Why I Didn't Come to Lunch, Mom

February 12, 2010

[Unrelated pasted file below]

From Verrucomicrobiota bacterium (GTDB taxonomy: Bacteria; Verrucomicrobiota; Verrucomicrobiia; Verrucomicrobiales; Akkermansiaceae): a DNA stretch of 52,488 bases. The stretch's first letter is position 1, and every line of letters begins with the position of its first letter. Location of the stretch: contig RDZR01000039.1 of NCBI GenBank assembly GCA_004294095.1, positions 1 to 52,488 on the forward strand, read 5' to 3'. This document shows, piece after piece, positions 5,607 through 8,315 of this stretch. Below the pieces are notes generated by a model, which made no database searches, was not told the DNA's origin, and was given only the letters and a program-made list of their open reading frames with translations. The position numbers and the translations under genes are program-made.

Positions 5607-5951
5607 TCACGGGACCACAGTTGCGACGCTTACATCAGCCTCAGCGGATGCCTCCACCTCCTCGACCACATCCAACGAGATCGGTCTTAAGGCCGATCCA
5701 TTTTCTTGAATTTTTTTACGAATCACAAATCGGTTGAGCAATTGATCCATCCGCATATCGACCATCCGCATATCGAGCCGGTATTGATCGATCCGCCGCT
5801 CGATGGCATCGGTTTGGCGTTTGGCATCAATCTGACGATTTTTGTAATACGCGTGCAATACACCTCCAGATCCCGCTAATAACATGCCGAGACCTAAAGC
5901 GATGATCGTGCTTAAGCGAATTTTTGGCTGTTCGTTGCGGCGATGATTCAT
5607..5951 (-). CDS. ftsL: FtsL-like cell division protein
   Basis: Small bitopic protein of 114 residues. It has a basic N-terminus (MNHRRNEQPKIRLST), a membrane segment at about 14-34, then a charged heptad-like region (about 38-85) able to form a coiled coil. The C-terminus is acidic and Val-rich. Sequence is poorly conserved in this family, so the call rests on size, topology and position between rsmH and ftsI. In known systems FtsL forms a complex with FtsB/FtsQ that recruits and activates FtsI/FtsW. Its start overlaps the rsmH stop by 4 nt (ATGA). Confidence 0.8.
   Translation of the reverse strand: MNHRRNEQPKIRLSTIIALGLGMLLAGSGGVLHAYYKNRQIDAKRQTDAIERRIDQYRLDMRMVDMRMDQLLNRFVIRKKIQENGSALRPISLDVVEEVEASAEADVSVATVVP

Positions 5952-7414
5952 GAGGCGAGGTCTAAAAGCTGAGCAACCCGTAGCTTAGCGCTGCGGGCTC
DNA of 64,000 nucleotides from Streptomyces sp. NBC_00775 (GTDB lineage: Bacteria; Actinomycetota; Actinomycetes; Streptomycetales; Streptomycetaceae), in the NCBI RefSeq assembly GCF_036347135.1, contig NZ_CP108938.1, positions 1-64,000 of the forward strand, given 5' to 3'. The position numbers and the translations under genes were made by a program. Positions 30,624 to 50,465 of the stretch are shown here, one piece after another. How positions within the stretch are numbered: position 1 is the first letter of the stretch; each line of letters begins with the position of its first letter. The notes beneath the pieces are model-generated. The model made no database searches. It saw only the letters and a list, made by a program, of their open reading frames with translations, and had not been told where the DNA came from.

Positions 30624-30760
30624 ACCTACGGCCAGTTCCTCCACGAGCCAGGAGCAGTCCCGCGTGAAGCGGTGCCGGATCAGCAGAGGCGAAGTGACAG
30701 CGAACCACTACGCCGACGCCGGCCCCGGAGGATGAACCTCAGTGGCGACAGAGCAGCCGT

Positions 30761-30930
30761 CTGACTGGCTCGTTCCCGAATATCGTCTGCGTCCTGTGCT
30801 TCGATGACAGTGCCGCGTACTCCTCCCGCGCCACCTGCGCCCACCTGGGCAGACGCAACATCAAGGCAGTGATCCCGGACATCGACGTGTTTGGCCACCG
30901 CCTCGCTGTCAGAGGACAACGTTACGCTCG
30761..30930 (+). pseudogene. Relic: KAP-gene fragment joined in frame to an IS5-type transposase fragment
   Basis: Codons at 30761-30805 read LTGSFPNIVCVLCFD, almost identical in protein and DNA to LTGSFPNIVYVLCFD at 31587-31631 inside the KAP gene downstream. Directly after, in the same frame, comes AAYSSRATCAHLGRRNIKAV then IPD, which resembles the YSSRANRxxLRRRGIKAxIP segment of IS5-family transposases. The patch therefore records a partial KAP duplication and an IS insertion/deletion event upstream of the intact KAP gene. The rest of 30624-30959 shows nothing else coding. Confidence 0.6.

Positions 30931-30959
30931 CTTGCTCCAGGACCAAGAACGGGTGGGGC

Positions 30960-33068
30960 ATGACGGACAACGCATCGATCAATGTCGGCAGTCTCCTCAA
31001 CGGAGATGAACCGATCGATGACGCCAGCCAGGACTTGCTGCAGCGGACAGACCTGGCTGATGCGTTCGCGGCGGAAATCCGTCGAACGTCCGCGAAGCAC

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The sweet smell of the daisies wraps around my senses and up my nose. The bittersweet smell entrances me. My eyes wander to a bee as it buzzes by; there are more not so far away. I pick the daisy and turn away from the deadly killer bees. I sit in the damp, lush grass and watch the bees buzz just above the flowers. I hatch an idea. I walk over to our little-kid picnic table, slightly faded from the ever-so brilliant sun. I climb to the top, which is a huge feat for me. I expand my arms, like a bird extends its wings. I looked to the right, and saw my house, windows glinting in the sun. I closed my eyes before I was blinded. The sun was beating down, almost happy-like, so hot that I felt I had another thin layer of skin. My eyes opened slowly, now facing the woods. The birds were flitting in and out of the trees, singing happily, as if summer made everything better. I heard my mother open the door, and yell something about lunch being ready. I didn’t listen, just focused on what I was about to do. I summoned up what bit of strength I had left, and walked to the other end of our mini kids table. My feet were careful, cautious, stepping in the most secure places. I turned around when I got to the end of the table, and closed my eyes. My mom called for lunch again. Now, I told myself. I took a deep breath, and ran off the end of the table. I jumped, feeling the rush of the moment. I flapped my arms, as if wings. I could feel the wind rushing through my hair, caressing my hair ever so lightly. My legs sprawling, trying to catch some wind, any at all. My eyes, widening, realizing I couldn’t go up, only down. Me, falling, being pulled back to the earth, unwillingly. I felt the cool, soft ground again, running the grass through my fingers. I had fallen, but I was okay. I looked up to the sky, and a bird flew by. I wistfully watched the bird, envying it with every fiber of my being. I wanted to be with the birds. I sighed, knowing now, realizing this; I will never fly. My mother, now concerned because I had not come in, called one final time for lunch. I looked up at the sky longingly, one last time, then walked leisurely to my house. I took one good whiff of the daisy I somehow kept in my hand, then laid in on a small, smooth, rock and wished it the best.

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